The Historical Review/La Revue Historique seeks original research contributions in the field of Modern Greek environmental history (1821-1967) which will primarily focus on the subject of conflict; armed or unarmed, open or undeclared. Although the number of works on environmental history are constantly increasing covering a wide geographical spectrum, with areas such as sub-Saharan Africa or southern Asia being often found in the spotlight, it is noteworthy that southeastern Europe and the Balkans have not been the object of consistent research. This publication, therefore, aims at tackling this issue.
The accepted manuscripts will be published in a special issue of The Historical Review/La Revue Historique edited by George L. Vlachos (adjunct research assistant of the Institute of Historical Research/ National Hellenic Research Foundation, Representative of Greece in the European Society of Environmental History).
The environment as an apple of discord
Conflict generated for the acquisition or possession of certain environmental assets, a topic commonly discussed in the international literature. Whether it concerned abundant fishing reserves, arable land, or the right to mine for precious metals, the exploitation of the earth’s waning resources has been one of the main reasons leading opposite sides to collision.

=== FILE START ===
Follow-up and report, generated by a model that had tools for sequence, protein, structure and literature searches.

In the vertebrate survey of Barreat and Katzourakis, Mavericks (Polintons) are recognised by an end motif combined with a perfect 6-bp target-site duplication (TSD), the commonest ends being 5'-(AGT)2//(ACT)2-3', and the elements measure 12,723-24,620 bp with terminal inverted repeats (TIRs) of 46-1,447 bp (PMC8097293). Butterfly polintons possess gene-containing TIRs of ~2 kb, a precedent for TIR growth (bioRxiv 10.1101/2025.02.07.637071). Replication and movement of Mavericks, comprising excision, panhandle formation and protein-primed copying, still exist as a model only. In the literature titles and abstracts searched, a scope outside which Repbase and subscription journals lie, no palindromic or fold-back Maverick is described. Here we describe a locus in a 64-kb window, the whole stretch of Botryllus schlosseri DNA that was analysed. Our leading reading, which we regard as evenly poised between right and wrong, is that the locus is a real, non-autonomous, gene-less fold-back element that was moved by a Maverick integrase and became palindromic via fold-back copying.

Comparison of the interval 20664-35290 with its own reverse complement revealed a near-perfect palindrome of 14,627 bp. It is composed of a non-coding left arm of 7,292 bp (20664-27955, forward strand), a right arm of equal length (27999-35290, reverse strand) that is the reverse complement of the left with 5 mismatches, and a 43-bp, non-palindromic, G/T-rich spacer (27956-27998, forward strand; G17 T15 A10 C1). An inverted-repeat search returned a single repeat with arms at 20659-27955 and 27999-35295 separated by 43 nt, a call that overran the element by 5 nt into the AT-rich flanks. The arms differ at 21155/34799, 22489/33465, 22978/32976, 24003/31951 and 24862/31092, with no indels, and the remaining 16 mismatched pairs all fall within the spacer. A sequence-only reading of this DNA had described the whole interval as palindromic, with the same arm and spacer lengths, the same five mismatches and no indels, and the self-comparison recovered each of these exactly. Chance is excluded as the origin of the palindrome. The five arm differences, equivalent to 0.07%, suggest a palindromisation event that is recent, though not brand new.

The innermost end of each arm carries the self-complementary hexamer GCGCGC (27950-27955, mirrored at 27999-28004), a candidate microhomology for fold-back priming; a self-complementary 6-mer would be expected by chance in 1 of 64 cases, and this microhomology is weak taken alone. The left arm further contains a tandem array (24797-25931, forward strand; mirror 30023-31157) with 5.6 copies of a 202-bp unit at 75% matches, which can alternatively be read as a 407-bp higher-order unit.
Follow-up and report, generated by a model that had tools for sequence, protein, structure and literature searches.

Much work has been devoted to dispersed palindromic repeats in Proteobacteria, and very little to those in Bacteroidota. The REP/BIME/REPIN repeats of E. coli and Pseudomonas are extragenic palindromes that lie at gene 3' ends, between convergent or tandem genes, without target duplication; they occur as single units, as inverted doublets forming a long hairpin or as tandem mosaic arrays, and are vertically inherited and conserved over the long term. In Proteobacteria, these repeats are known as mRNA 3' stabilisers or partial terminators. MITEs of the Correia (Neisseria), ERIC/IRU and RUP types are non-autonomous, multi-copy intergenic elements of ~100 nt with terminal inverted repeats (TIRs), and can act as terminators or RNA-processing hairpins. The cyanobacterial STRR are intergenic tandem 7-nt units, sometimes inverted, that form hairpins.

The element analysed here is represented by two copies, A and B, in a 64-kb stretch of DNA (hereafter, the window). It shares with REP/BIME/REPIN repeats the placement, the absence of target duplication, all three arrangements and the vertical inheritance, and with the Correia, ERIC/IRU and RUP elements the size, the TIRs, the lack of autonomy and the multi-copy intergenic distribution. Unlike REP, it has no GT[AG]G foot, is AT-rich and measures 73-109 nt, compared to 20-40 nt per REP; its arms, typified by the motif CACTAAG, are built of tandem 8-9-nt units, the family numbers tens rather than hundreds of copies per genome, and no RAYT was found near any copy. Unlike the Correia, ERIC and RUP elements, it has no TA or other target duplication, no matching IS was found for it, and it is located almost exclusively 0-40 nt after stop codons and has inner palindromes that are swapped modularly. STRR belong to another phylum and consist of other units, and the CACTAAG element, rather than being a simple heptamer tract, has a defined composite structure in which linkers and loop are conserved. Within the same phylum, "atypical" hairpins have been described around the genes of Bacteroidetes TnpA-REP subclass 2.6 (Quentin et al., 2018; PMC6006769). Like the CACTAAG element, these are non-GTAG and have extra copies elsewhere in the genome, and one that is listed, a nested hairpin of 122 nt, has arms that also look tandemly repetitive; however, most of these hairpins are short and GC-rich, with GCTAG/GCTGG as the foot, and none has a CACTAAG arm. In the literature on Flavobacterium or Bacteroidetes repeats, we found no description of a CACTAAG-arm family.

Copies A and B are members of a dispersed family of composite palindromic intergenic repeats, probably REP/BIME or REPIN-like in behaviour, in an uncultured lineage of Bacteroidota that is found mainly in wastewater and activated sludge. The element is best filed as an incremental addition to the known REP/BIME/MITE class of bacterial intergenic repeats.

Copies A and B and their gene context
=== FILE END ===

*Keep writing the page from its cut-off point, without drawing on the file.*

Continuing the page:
The environment as an antagonist
Conflict directed against a given environment. This very often reflected the unspoken goal that stern modernists had set to mankind: the taming and subordination of everything that was considered wild, dangerous, unpredictable, and above all unproductive.
The environment as collateral damage
Abiding by the rising justified concerns regarding the deterioration of local and global ecosystems, this topic touches upon the detrimental effects of conflict on the environment. Ranging from contaminated lands rendered unsuitable for cultivation, to polluted rivers and withering forests, war and conflict had been very often the main reason contributing to the irrevocable collapse of natural coherence in territories that have been caught in the crossfire.
This endeavor focuses on modern history, setting its point of departure in the early 19th century. This choice was not arbitrary as modernity holds a special place for environmental history constituting the age when the conflict for resources intensified and their extraction rate was sharply accelerated in comparison with the pre-modern era.
Prospective contributors should submit abstracts of maximum 500 words to George L. Vlachos before March 1, 2021 at email@example.com.
Drafts between 5,000 and 10,000 words will be due September 2021.